Sunday, 23 April 2017

Getting ready for #GE2017 - a big shapefile

I'm probably as unmoved as anyone else about the forthcoming General Election, but to get my head back into gear for it I thought I'd try to put together a full UK constituency shapefile of all 650 constituency results from the 2015 General Election, using data from a variety of sources. I'm sharing it here in the hope that people will find it useful, and that it might save you some work. If you spot an error, let me know and I'll try to fix it. There are other shapfiles out there, but to my knowledge there isn't a detailed complete UK (as opposed to GB) file that has all results, MPs and so on. I'm also sharing this here in the hope that we can move away from hex maps. I think they are nice and useful in many cases but I'd like to see a move back to the standard geographic representation in this election - hence, I am trying to promote Hexit. Anyway, here's an obligatory geogif I made with the file, using the 'time results declared' field.

The 2015 General Election in 30 seconds - phew

So, what's in the file? Well, I've tried to include a lot of stuff, sourced variously from the British Election Study, from the UK Parliament Data website, the Census and the devolved administrations of the UK. I have also calculated some variables myself, such as constituency area and the order in which results were declared. Key variables include:

  • PCONCODE - this is the ONS code for each constituency. It makes it possible to join lots of other data to the file. 
  • REGN - name of the sub-UK region each constituency is in - i.e. the old Government Office Regions in England, plus Northern Ireland, Scotland and Wales.
  • SECOND - which party came second in a constituency in 2015.
  • ELECT15 - the number of people in the electorate in 2015.
  • MAJ - size of the majority for the sitting MP.
  • TIME - time the results were declared. The very last column has this in 24H format, but you can also see from the ORDER2015 field which order they are actually in.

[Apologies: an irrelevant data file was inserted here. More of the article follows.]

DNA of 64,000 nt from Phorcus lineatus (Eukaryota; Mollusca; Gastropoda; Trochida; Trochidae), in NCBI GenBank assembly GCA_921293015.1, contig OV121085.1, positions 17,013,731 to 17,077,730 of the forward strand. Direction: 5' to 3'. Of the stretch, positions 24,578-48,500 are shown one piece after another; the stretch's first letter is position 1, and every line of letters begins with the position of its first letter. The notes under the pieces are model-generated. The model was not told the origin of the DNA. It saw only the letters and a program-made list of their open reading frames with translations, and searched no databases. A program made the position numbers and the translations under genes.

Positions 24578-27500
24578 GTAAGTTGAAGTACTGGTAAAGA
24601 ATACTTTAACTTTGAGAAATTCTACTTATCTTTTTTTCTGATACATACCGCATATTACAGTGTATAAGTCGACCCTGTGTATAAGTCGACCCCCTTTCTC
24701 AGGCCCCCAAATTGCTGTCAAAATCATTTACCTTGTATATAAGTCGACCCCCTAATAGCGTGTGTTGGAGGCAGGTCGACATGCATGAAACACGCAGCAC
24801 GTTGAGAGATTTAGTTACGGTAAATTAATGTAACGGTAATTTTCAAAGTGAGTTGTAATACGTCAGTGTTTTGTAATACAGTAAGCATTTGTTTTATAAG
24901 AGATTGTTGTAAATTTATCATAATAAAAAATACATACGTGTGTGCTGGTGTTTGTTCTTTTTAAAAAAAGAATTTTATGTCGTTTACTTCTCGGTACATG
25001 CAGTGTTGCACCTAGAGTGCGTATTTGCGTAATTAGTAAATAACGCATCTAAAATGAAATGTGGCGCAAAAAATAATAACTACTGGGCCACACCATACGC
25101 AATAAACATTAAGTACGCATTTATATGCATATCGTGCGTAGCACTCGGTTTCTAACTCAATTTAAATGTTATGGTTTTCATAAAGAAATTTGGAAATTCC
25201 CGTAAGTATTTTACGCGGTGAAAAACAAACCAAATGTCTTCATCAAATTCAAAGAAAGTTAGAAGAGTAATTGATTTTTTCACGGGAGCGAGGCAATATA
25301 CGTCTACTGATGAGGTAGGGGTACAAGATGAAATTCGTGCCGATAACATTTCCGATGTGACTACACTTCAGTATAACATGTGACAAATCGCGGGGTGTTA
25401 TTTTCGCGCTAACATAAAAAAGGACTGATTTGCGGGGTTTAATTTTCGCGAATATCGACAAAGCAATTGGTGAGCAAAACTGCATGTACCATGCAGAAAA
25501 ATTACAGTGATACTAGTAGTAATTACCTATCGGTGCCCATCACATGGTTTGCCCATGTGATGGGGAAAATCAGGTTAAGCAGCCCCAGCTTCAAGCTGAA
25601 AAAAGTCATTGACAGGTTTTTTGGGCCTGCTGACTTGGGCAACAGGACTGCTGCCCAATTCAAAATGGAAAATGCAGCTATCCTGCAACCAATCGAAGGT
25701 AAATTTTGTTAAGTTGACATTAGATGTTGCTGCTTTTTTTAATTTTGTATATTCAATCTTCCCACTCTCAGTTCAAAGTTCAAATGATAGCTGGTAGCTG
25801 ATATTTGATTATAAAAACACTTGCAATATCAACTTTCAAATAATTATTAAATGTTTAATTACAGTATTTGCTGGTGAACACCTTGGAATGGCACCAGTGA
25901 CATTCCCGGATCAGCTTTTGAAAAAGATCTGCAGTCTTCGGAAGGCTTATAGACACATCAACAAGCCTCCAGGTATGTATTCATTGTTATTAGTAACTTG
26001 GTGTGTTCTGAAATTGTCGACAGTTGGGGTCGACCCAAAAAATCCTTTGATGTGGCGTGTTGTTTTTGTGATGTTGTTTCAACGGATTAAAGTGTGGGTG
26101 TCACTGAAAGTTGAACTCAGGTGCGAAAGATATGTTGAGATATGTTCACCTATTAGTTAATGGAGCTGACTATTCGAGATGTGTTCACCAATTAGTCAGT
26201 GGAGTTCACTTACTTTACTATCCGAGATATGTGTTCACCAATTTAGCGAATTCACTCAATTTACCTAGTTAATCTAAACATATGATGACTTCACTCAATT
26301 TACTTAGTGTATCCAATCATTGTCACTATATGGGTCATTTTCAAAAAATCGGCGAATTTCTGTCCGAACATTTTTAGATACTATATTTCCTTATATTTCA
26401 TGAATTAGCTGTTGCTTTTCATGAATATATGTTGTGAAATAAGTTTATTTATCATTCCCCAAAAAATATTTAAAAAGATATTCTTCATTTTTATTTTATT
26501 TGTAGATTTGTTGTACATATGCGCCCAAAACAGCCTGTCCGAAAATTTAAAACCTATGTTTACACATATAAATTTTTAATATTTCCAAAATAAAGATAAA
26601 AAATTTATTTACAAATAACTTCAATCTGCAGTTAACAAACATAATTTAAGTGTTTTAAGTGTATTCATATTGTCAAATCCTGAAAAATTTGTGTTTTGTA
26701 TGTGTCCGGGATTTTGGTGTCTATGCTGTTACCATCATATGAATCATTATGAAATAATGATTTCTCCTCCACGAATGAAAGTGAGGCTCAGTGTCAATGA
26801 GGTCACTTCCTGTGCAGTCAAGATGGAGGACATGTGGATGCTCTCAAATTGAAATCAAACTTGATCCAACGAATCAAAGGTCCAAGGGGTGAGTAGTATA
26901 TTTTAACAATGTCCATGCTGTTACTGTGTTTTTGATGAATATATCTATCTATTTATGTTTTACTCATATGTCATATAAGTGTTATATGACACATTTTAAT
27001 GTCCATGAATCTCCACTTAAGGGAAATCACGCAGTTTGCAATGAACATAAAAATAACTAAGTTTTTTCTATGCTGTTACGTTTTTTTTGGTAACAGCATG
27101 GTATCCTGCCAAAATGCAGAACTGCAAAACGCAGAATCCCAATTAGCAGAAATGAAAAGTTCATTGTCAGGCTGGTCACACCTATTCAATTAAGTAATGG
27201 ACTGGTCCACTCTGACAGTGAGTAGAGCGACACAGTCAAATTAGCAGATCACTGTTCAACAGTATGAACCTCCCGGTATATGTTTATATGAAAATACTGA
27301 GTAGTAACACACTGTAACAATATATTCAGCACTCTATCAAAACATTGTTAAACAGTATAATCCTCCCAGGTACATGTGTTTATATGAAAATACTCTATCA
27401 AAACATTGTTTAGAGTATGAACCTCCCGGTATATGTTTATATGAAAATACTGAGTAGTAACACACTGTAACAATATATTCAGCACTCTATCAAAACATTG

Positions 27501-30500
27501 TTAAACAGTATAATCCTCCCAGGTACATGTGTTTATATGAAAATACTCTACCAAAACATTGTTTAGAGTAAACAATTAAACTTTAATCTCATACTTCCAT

• MPFIRST, MPLAST, MPNAME - the first, last and full name of each MP.
  • Winner15 - this contains the full party name of the winning party. The WINNER field contains the abbreviated party name.
  • POP2015 - this contains the mid-year population estimate for each constituency for 2015. I also added in the 18+ population, since it makes a bit more sense to do this, even though it is not the same as the electorate figure. 
  • Others - they should be self-explanatory but the list of Sources below will help if you are confused by any of these.

I hope you find this useful. If you want to download it, it can be accessed here. If you spot any glaring errors, please let me know. Who is going to win the 2017 General Election? My only prediction is that there will be lots of interesting maps and that the patterns on them may look a bit different.

Data notes: I have added a QGIS qml style file to the zipped data folder. This means that if you add the shapefile to QGIS it will display in the familiar colours of each political party. This happens because the qml file has the same name as the shapefile. The colours are matched from the BBC election results page from 2015. I tried very hard to ensure complete UK coverage, so I have patched data together from multiple UK sources but in a few cases I don't have variables for Northern Ireland. This is because the spreadsheet from the British Election Study I sourced some data from covers only GB. The zipped folder name for the current file version is uk_650_wpc_2017_full_res_v1.8.

Sources: General Election 2015 results, from the UK Parliament Data pages. The British Election Study updated Excel file. Northern Ireland constituency boundaries were sourced from OpenDataNI, via their resources page. For Great Britain, I used the constituency boundaries available on the ONS Geography Portal pages - the 2016 boundaries. For the most recent mid-year population estimates, I used data from the National Records of Scotland, NISRA data for Northern Ireland mid-year population estimates and ONS mid-year population estimates for England and Wales. The map data contains OS data © Crown copyright and database right 2017. Similarly, the other data contains National Statistics data © Crown copyright and database right 2017.

Acknowledgements: I would like to thank Ian Turton for suggesting the little QGIS Atlas function tweak which enables the cumulative animation you see above. For more on this, see the related Stack Exchange post where I asked the question.